- The caraway seeds indeed are the storehouse for many vital vitamins. Vitamin A, vitamin E, vitamin C as well as many B-complex vitamins like thiamin, pyridoxine, riboflavin, and niacin particularly concentrated in the seeds.
- CAYENNE PEPPER
Fiercely hot and pungent cayenne pepper is one of the widely used spicy ingredients in many cuisines. Cayenne fruits are slender, elongated pods obtained from capsicum family plant.
Cayenne variety of chili pepper plant is native to the Central American region where it was used as a spicy ingredient in Mexican cuisines for several thousand years. This spicy pod was introduced to the rest of the world, especially in the Indian subcontinent, by Spanish and Portuguese explorers during 16th and 17th centuries. They are now one of the important commercial crops in India, Pakistan, China, Argentina and USA.
Botanically, cayenne plant belongs to the nightshade family of Solanaceae, in the genus; capsicum. Scientific name: Capsicum annuum var. annuum.
Cayenne pepper is a perennial small shrub, reaching about 90-100 cm in height. It prefers well drained sandy soil and warm climate. Its woody stem with numerous branches is covered with thick dark-green foliage. Small creamy-white flowers appear all over the bush which subsequently develop into long, slender, glossy bright green color fruits (pods). The fruits finally attain mature status when they turn deep-red color.
Interiorly, each cayenne fruit features numerous tiny, flat, disk-shaped, off-white or cream colored seeds. The seeds are actually clinging on to central white placenta.
In general, the cayenne chili peppers are allowed to ripen completely in the plant itself and hand picked upon reaching maturity and turned red. They are then left to dry, which causes them to shrivel.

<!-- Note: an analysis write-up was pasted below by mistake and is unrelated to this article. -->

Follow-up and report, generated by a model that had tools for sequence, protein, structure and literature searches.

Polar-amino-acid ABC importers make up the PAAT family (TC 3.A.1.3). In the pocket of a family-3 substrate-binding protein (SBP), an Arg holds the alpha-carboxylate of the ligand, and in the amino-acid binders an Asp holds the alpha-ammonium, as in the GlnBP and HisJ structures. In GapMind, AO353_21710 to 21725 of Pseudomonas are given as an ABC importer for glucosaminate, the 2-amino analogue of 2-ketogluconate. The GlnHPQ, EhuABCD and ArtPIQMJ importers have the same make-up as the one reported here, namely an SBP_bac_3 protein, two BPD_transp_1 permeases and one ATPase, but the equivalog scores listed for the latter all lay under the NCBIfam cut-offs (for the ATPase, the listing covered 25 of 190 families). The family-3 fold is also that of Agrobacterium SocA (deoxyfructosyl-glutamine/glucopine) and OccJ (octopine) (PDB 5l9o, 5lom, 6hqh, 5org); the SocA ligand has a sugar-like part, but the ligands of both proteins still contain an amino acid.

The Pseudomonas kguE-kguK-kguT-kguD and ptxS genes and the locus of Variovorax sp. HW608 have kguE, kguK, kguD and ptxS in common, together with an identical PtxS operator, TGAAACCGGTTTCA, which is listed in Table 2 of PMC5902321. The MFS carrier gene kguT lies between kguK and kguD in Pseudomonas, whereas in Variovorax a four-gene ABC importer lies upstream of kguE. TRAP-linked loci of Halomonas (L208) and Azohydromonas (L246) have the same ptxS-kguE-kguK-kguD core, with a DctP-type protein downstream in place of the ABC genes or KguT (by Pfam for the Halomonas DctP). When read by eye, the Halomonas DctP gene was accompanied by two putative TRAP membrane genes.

Cayenne chilies have a strong spicy taste that comes to them from the active alkaloid compounds’ capsaicin, capsanthin and capsorubin. The hotness of cayenne is measured in “Scoville heat units” (SHU). On the Scoville scale, cayenne pepper has 30,000 to 50,000 SHU. On comparison scale, bell peppers have “zero” SHU.
HEALTH BENEFITS OF CAYENNE PEPPERS
- Although inherently hot and intolerable even in small amounts, cayennes are one of the health-benefiting spice items packed with minerals, vitamins and certain phyto-nutrients. It is no wonder this wonderful spice has been found a place in modern as well as in traditional medicines for its disease preventing and health promoting properties.
- Cayenne contains health benefiting alkaloid compound, capsaicin which gives them strong spicy pungent character. Early laboratory studies on experimental mammals suggest that capsaicin has anti-bacterial, anti-carcinogenic, analgesic and anti-diabetic properties. When used judiciously it also found to reduce triglycerides and LDL cholesterol levels in obese individuals.
- Fresh cayenne peppers, red or green, are rich source of vitamin-C. 100 g fresh chilies provide about 76.4 mg or about 127% of RDA of this vitamin. Vitamin-C is a potent water soluble antioxidant. It is required for the collagen synthesis in the body. Collagen is one of the main structural protein inside the body required for maintaining the integrity of blood vessels, skin, organs, and bones. Regular consumption of foods rich in vitamin C helps the body protect from scurvy; develop resistance against infectious agents (boosts immunity) and scavenge harmful, pro-inflammatory free radicals from the body.
- Cayenne chili peppers are perhaps the richest source of vitamin A among spices. Just 100 g of cayenne has 41,610 IU or astoundingly 1387% of vitamin A. Additionally, this prized spice is also home for anti-oxidant flavonoids such as carotenes, lutein, zea xanthin and cryptoxanthin. Together, these antioxidants in cayenne help to protect the body from injurious effects of free radicals generated during stress, and disease conditions.
- The spice contains very high levels of essential minerals. Even if consumed in small quantities regularly would provide sufficient levels of iron, copper, zinc, potassium, manganese, magnesium and selenium. Manganese is used by the body as a co-factor for the antioxidant enzyme, superoxide dismutase. Selenium is an anti-oxidant trace element required by the human body for smooth heart and liver functions.
- 100 g of cayenne peppers provides 2014 mg or 47% of a daily-required amount of potassium. Potassium is an important electrolyte in the cells and body fluids that helps controlling heart rate and blood pressure. It thus, counters the bad effects of sodium.